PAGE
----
In hindsight, I was too ambitious on my goals for this race. I have done the Rotorua marathon twice before, and just like this time, I also had a horrible second half (read: greater than 10 minute split)! Ironically, the “wheels” also fell off in a similar fashion to my  2015 Rotorua Marathon):

Although heart rate is a indicator of workload, I suspect a contributing factor to my second half demise was going down the hills too fast. Carelessly racing down hills causes a lot of stress on your knees. Meanwhile going up hills too fast can also strain the body as its easy to go into lactate threshold territory. In this case, lactic acid begins to accumulate faster than the body can convert it back into energy. I’ve felt this on runs before and made sure to take it easy up the hills. Nutrition could have also played a key role, but I had a similar diet before and during the race compared to some of my previous marathons.

Race weight was around 77kg and I took an energy gel at 9.3km and 27.8km. I had a third spare gel which I didn’t use. I also took a drink at each aid station (either water or Powerade).

Back to the drawing board.

Skin folds test #4

Yesterday I had my first skin folds test in three years! I’m now an estimated 7.2% body fat. The detailed results:

Measurement 23-Feb-14 13-April-17 % change
Weight (kg) 81.6 75.0 -8.1
Triceps sf (mm) 5.3 7.0 +32.1
Subscapular sf (mm) 9.5 7.7 -18.8
Biceps sf (mm) 3.0 2.3 -23.3
Iliac crest sf (mm) 20.5 9.8 -52.2
Supraspinale sf (mm) 11.0 7.1 -35.5
Abdominal sf (mm) 15.5 9.7 -37.4
Front thigh sf (mm) 8.3 6.8 -18.1
Medial calf sf (mm) 7.5 5.7 -24.0
Sum of 8 (mm) 80.5 55.9 -30.6
% fat (Yuhasz) 8.6 7.2 -16.3

So what’s happened since my previous skin folds test? I’ve changed my workouts from swim/bike/run to just run. However, I suspect the biggest contributor to my loss of weight (and subsequent loss in body fat) is due to the orthodontic braces I’ve been sporting for last two years!

Wellington Round the Bays

At last! A sub 1:20 half marathon! Yesterday I competed in the 2017 Wellington Round the Bays half marathon. I’d been close to achieving this before, but my previous attempts at Wellington were well off the mark.

Determined to conquer this sub 1:20 milestone, I started out with a pace faster than required. I reached the 5km mark just under 18 minutes (3:36 min/km). The next 5km split was slower at 19 minutes (3:48min/km), but still fast enough to give me a healthy margin. I held onto a similar pace for the rest of the race.

The weather was even conducive for a personal best. Oddly for Wellington, there was no wind! However, the temperature was warm and the air was humid. Never the less, it was almost ideal conditions for running!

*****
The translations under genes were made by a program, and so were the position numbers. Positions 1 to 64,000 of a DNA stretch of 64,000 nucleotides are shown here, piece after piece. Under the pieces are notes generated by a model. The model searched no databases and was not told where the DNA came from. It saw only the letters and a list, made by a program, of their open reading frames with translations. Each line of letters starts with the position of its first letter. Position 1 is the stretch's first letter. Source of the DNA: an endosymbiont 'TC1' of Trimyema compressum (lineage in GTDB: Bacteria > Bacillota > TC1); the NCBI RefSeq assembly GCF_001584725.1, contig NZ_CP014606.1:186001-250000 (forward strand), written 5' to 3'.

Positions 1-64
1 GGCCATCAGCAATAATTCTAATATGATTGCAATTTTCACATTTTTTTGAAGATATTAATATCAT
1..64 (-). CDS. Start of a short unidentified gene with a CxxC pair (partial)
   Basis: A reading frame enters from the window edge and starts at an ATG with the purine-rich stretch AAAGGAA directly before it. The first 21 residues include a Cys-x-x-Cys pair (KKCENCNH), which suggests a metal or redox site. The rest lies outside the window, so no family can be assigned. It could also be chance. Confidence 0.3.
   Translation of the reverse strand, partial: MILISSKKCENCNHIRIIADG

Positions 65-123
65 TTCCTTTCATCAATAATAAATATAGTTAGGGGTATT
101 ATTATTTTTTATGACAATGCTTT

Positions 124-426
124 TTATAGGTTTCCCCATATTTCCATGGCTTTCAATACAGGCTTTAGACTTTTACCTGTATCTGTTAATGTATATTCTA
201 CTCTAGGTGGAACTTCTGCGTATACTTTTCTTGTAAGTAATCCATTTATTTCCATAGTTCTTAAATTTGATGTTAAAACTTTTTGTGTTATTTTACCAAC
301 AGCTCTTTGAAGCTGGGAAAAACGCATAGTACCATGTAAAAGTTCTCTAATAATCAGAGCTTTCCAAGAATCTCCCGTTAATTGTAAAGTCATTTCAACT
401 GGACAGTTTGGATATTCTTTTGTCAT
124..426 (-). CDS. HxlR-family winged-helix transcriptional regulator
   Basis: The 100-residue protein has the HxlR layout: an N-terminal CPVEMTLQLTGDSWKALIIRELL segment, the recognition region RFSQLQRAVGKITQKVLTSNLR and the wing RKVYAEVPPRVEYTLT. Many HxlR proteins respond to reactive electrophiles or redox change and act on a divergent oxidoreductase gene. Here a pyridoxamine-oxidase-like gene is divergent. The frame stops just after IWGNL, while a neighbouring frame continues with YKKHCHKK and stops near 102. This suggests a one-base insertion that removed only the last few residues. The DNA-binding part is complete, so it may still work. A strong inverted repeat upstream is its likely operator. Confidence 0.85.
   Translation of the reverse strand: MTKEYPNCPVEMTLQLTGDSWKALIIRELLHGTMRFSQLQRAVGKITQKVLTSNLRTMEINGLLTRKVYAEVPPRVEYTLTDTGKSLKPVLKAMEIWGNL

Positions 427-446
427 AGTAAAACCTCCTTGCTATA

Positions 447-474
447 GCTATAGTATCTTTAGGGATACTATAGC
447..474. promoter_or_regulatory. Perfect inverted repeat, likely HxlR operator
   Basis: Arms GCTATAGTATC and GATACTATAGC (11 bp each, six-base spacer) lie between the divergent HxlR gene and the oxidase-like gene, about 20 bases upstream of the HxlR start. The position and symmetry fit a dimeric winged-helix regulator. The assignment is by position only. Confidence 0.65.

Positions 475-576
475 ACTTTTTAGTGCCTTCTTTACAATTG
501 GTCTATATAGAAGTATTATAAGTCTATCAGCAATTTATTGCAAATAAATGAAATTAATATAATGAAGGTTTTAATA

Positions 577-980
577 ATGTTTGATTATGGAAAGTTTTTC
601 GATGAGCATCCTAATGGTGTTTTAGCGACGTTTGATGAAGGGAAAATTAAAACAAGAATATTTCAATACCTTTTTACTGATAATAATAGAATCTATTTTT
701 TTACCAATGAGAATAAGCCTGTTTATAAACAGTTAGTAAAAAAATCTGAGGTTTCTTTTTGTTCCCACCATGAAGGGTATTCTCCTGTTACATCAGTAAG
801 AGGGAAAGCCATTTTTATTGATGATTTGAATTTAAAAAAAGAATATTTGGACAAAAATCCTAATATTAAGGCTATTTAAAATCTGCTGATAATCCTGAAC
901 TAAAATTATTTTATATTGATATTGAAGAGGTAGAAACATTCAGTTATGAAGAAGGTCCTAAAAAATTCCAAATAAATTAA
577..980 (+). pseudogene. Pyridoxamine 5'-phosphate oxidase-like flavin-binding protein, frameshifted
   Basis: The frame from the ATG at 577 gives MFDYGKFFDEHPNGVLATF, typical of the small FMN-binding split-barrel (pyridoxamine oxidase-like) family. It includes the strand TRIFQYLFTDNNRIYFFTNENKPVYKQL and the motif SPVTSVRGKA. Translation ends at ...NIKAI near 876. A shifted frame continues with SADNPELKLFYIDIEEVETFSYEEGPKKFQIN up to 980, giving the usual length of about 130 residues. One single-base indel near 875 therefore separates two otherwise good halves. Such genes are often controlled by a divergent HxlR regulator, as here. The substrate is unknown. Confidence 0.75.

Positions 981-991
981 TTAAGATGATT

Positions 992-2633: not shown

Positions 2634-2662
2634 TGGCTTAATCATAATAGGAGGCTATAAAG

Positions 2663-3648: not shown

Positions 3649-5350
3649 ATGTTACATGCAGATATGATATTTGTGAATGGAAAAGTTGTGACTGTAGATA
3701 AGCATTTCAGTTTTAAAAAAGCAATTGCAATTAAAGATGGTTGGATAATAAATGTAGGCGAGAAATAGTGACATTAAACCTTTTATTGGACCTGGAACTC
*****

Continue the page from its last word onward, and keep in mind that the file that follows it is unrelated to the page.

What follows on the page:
I was between 76kg – 77kg on the day, had two sips of water and a sip of sports drink, and took no energy gels.


Auckland Marathon

A new marathon PB! Yesterday I ran in the 2016 Auckland Marathon, completing the run in 2:53:41!

Although I’m happy to have knocked three minutes off my personal best, I have fallen an agonizing 41 seconds short of my sub 2:53 target!

I was 77kg-78kg on the day, consumed three energy gels throughout the race (0km, 16km, 29km), and had either a cup of water or Powerade at each aid station. I’ve also mastered the “art” of drinking while running!

My preparation for this year’s marathon was to run faster and run less! I decreased the amount of mileage I did by a whopping 45%! From the start of the year to date I have ran 1980km.

Other “interesting” metrics:

  • This year 39% (60/154) runs were on the treadmill. Compare this with last year where 33% (61/183) runs (up until the marathon) were on the treadmill. (I’m not sure whether running on a treadmill this often is good, but it sure was convenient!).
  • In 2016, my [min/mean/max] speed on the road and the treadmill was [9.5/12.8/16.7] and [13.0/16.1/18.8] km/h respectively.

  • Meanwhile in 2015, my [min/mean/max] speed on the road and the treadmill was [9.2/12.4/15.8] and [12.0/14.4/17.6] km/h respectively.

  • This is my sixth marathon. Despite a steady improvement in speed, I’m still a long way from achieving a negative split.

Year Marathon First split Second split Difference Net Time
1 2011 Christchurch 1:31:05 1:50:37 0:19:32 3:21:43
2 2012 Auckland 1:25:16 1:42:58 0:17:42 3:08:15
3 2014 Rotorua 1:28:00 1:43:00 0:15:00 3:10:48
4 2015 Rotorua 1:29:00 1:44:00 0:15:00 3:12:49
5 2015 Auckland 1:26:15 1:30:43 0:04:28 2:56:58
6 2016 Auckland 1:24:17 1:29:23 0:05:06 2:53:41

Compared to my last year’s marathon, my speed at each kilometer segment is similar and generally follows: 1) the profile of the course (dip at 15km is the habour bridge) and 2) fatigue in the last 10km! The bar graph below shows the average speed over each kilometer (2016 = blue with text, red = 2015, 2016-2015 = green).

I have also volunteered myself to be a test subject in a couple of running studies. In addition to getting a free VO2 Max test, I’ll also get some general training advice – heart rate zones, training drills … even how to improve my running technique! A week or so ago I had a VO2 max test and got 58.4mL/kg/min with a maximal oxygen uptake of 4.46L/min. Although this is a reasonable V02 Max score for a “weekend warrior”, it was noted that my running technique has plenty of room for improvement. Stay tuned …